Although I speak only through my own thoughts and experiences on the matter, and am not an authority in regards to Jung, nor a psychologist, it seems that there is very little explication by modern advocates of Jungian ideas on the Self itself, which, like the notion of the collective unconscious, has too often been grossly misrepresented since entering into the vernacular of popular culture and pop psychology.
Jung's psychological concept of the Self is a great deal less related to what we generally consider as the ego and has far more correlation with the metaphysical doctrines of the East. Immediate disciples of Jung such as depth psychologist Erich Neuman understood the Self as Jung conceived of it to have far more implications.
The Idea of the Self
"God is a circle whose centre is everywhere and whose circumference is nowhere."
- St. Bonaventure
While the more easily-understood aspects of the admittedly broad scope of Jung's thought, including the common anthropic archetypes, the idea of the shadow, and the notion of a collective unconscious have become almost part of the domain of popular culture, there is a great deal of Jung's thought which is either ignored or which does not lend well to a simplistic interpretation or basis of a psycho-analytic or therapeutic school of thought.
Generally our first mistake in purusing Jung or reading his popularizers is in assuming that what we in common language call the "ego" and his notion of the Self are one and the same. This is a total mistake on our part. The Self, to Jung, represents the summation of the unconscious as well as the conscious processes going on within the psyche. Whereas the Ego is the center of our consciousness (in other words, our self-awareness, the thinking function and rationality, as well as the focus of our conscious, "public" personality), the Self is the center as well as the circumference which represents the totality of the conscious and the unconscious. He defines the Self as the psychic totality of the individual.
The Self is a transpersonal totality, a transcendental Unity which manifests itself in the duality of conscious and unconscious. The entirety of the universe - past, present, and future - exists as content within that unconscious, which is not limited by the existential identification with our particular body or the peculiarities of the mode of consciousness as experienced by that Self. This "collective unconsious", then, is a monumental paradox resident within the totality of our psyche (and thus something we can potentially become conscious of) as well as being 'outside' us in the sense that it is all-inclusive and extends as an experiential continuum across the entire sphere of existence (human, organic, and cosmic life).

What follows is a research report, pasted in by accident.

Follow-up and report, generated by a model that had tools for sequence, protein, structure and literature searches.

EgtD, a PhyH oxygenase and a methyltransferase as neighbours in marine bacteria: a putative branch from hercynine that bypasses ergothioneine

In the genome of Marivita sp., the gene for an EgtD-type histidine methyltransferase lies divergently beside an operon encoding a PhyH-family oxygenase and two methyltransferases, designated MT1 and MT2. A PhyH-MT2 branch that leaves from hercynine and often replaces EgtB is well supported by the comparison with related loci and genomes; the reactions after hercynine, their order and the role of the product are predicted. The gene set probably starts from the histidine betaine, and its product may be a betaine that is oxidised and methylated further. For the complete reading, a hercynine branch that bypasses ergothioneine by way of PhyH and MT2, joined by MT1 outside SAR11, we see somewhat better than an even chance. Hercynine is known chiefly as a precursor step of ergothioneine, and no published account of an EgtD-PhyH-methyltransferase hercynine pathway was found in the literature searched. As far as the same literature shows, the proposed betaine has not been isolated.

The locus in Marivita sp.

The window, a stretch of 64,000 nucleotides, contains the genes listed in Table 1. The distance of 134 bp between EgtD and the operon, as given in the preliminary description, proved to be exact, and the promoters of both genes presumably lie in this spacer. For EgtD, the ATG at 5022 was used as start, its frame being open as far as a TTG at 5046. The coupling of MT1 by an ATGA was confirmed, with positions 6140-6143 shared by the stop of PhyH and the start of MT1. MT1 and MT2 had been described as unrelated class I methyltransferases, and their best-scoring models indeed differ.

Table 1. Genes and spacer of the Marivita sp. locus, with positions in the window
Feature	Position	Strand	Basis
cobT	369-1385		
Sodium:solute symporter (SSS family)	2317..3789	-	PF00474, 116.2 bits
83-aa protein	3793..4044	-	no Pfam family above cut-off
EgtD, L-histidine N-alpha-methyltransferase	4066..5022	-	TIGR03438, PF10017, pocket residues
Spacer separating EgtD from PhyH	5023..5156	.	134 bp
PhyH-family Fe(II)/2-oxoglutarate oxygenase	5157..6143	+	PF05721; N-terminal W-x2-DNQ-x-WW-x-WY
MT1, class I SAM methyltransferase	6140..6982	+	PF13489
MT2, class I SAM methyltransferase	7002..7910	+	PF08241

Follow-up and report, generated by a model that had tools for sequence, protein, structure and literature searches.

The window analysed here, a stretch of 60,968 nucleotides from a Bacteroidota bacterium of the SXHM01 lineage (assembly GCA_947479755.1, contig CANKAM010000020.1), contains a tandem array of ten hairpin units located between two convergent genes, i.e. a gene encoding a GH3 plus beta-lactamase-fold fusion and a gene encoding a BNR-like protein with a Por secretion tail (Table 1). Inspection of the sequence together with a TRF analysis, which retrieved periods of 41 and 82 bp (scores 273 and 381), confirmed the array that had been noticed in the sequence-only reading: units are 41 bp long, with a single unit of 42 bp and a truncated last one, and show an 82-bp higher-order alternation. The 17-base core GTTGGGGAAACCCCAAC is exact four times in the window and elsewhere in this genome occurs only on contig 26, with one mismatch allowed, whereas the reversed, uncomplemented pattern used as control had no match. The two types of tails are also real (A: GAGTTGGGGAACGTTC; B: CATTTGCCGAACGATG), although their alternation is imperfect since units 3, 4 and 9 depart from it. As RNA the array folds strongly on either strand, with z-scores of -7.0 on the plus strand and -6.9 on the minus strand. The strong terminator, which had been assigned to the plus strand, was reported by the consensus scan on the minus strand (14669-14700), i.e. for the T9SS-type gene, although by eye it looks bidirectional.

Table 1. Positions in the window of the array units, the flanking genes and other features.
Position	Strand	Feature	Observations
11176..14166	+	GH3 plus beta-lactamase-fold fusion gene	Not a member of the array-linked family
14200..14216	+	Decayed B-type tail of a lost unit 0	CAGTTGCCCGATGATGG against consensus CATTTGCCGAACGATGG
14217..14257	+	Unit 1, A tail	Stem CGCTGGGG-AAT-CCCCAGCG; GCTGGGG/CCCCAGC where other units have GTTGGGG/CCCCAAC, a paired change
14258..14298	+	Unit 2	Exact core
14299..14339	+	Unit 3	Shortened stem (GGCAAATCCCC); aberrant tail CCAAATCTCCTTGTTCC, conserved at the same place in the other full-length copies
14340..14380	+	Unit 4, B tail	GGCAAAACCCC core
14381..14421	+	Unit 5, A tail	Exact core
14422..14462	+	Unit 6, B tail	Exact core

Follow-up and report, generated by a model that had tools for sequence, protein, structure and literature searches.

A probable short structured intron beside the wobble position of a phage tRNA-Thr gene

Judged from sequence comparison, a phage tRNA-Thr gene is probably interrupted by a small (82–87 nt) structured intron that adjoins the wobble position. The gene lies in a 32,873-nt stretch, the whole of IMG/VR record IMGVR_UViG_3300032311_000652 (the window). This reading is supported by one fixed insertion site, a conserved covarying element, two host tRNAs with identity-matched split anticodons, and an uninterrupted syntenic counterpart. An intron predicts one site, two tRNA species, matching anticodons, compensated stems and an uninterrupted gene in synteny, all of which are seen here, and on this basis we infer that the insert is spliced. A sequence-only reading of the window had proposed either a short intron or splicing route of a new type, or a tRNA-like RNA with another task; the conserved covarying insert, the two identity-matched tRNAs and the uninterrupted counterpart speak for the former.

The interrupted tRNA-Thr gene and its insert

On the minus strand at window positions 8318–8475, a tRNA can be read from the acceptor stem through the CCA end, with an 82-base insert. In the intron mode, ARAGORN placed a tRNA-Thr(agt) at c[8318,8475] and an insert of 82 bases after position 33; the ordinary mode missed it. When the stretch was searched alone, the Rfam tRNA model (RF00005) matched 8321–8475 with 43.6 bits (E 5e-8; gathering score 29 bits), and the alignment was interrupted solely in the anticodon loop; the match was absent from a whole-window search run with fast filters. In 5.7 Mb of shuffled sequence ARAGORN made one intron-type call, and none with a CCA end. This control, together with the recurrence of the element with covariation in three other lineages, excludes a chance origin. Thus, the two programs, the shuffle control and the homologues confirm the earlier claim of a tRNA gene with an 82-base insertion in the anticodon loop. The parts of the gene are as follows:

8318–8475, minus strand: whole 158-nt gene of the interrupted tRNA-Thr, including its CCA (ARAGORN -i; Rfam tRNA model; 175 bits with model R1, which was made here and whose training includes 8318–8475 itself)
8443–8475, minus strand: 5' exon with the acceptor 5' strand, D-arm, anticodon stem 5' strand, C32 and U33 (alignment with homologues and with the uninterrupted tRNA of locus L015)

The Transcendent Function and the Self
To reconcile the discrepancy between the transpersonal totality of which only a portion is knowable as an object of consciousness, Jung presents us with the idea of the transcendent function, upon which he writes extensively. The transcendent function can best be thought of as a peculiar transpersonal force which links our individualized consciousness with the totality of the Self. Its action is to manifest the peculiar conditions which facilitate the gradual integration of Self and Ego. The effects of this process are what Jung referred to as Individuation.
The Self, as he conceived it, was autonomous, and communicated symbolically through the manifestation of the so-called Archetypes, in such a way to bypass the censor which upholds and maintains the world-view of the Ego and interprets reality in terms of its preconceived notions. In effect, the Individuation process as he envisioned it sought through the transcendent function to strengthen and shape the Ego into a usable vehicle able to experience the transcendental Self without either destroying or inflating itself in the process.